Beyond Imposter Syndrome : A New Model of Leadership

What is Imposter Syndrome?

First described by psychologists Suzanne Imes, PhD, and Pauline Rose Clance, PhD, in the 1970s, impostor phenomenon occurs among high achievers who are unable to internalize and accept their success. They often attribute their accomplishments to luck rather than to ability, and fear that others will eventually unmask them as a fraud.

Though the impostor phenomenon isn’t an official diagnosis listed in the DSM, psychologists and others acknowledge that it is a very real and specific form of intellectual self-doubt. Impostor feelings are generally accompanied by anxiety and, often, depression. By definition, most people with impostor feelings suffer in silence, says Imes, a clinical psychologist in private practice in Georgia. “Most people don’t talk about it. Part of the experience is that they’re afraid they’re going to be found out,” she says. Yet the experience is not uncommon, she adds. With effort, you can stop feeling like a fraud and learn to enjoy your accomplishments.

I was thinking about imposter syndrome when reading Shmini, this week’s Torah portion. On the eighth day, following the seven days of their inauguration, Aaron and his sons begin to officiate as kohanim (priests); a fire issues forth from God to consume the offerings on the altar, and the divine presence comes to dwell in the Sanctuary. Who were Aaron and his sons to be offering sacrifices? Did they feel like imposters? And if they did not feel that way before when it worked, how would anyone not fear of being discovered as imposters after the death of Nadav and Avihu, when their “strange fire” does not work. The juxtoposition of their inauguration and the death of these “imposters” makes you think that this hesitation was hardwired into the role of the kohanim.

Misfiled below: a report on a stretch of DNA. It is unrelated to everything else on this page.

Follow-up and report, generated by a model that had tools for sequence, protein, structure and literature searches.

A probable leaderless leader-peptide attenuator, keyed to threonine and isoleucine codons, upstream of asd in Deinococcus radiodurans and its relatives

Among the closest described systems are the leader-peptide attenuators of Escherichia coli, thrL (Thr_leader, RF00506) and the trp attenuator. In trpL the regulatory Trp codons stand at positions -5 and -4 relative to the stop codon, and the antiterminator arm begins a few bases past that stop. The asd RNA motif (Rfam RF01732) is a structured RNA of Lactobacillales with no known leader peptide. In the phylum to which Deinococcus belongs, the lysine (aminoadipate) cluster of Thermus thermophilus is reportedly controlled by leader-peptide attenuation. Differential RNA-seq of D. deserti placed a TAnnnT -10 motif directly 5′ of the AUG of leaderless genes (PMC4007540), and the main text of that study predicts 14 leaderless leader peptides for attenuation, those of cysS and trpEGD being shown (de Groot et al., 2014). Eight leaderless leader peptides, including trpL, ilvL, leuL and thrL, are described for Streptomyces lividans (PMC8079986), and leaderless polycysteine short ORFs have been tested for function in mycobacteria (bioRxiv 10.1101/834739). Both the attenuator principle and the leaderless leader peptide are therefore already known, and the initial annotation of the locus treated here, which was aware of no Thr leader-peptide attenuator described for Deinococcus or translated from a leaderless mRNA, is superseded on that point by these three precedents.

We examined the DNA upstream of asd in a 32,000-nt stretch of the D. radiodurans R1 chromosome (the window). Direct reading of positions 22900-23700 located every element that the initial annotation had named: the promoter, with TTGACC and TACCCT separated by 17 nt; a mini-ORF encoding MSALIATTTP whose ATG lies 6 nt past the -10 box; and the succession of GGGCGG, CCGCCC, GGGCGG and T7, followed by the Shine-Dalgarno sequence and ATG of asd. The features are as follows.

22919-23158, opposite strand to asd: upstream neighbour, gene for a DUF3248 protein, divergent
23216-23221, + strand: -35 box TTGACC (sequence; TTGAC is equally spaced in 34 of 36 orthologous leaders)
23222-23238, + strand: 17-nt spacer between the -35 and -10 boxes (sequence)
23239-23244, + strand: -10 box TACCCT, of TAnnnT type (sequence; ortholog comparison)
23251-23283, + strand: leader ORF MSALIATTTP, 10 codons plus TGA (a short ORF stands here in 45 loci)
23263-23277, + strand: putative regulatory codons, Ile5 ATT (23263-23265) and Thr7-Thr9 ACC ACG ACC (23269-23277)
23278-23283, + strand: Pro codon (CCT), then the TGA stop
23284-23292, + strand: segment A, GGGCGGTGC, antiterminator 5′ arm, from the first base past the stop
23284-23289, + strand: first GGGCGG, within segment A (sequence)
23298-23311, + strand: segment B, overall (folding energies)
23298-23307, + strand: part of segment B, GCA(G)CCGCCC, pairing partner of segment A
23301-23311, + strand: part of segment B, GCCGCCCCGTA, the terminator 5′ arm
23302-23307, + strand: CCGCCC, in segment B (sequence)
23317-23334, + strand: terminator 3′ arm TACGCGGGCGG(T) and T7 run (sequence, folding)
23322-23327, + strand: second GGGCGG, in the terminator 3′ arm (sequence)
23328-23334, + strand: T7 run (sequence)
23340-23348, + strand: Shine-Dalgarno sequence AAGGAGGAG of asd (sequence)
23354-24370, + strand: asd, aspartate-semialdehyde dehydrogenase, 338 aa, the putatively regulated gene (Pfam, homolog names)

I was thinking about this when reading Stop Telling Women They Have Imposter Syndrome in the Harvard Business Review. It turns out that “Imposter syndrome,” or doubting your abilities and feeling like a fraud at work, is a diagnosis often given to women. But the fact that it’s considered a diagnosis at all is problematic. The concept, whose development in the ‘70s excluded the effects of systemic racism, classism, xenophobia, and other biases, took a fairly universal feeling of discomfort, second-guessing, and mild anxiety in the workplace and pathologized it, especially for women. The answer to overcoming imposter syndrome is not to fix individuals, but to create an environment that fosters a number of different leadership styles and where diversity of racial, ethnic, and gender identities is viewed as just as professional as the current model.

What of the implications of this for our understanding of Jewish communal leadership? The creation of Yavneh represented the shift away from the Kohen model of leadership to the Rabbinic enterprise. One cannot help but think that we are in a similar moment of shifting away from the Rabbinic model of leadership. What will be next? Surely, we need to support individuals who stand up to lead our community to get over their Imposter Syndrome. But for this shift to happen, fixing the individuals is not the answer. We need to create an environment that fosters a number of different leadership styles and lift up the diversity of racial, ethnic, and gender identities. We need to expand our notions of holy leadership for everyone to share their authentic offerings without getting burned.


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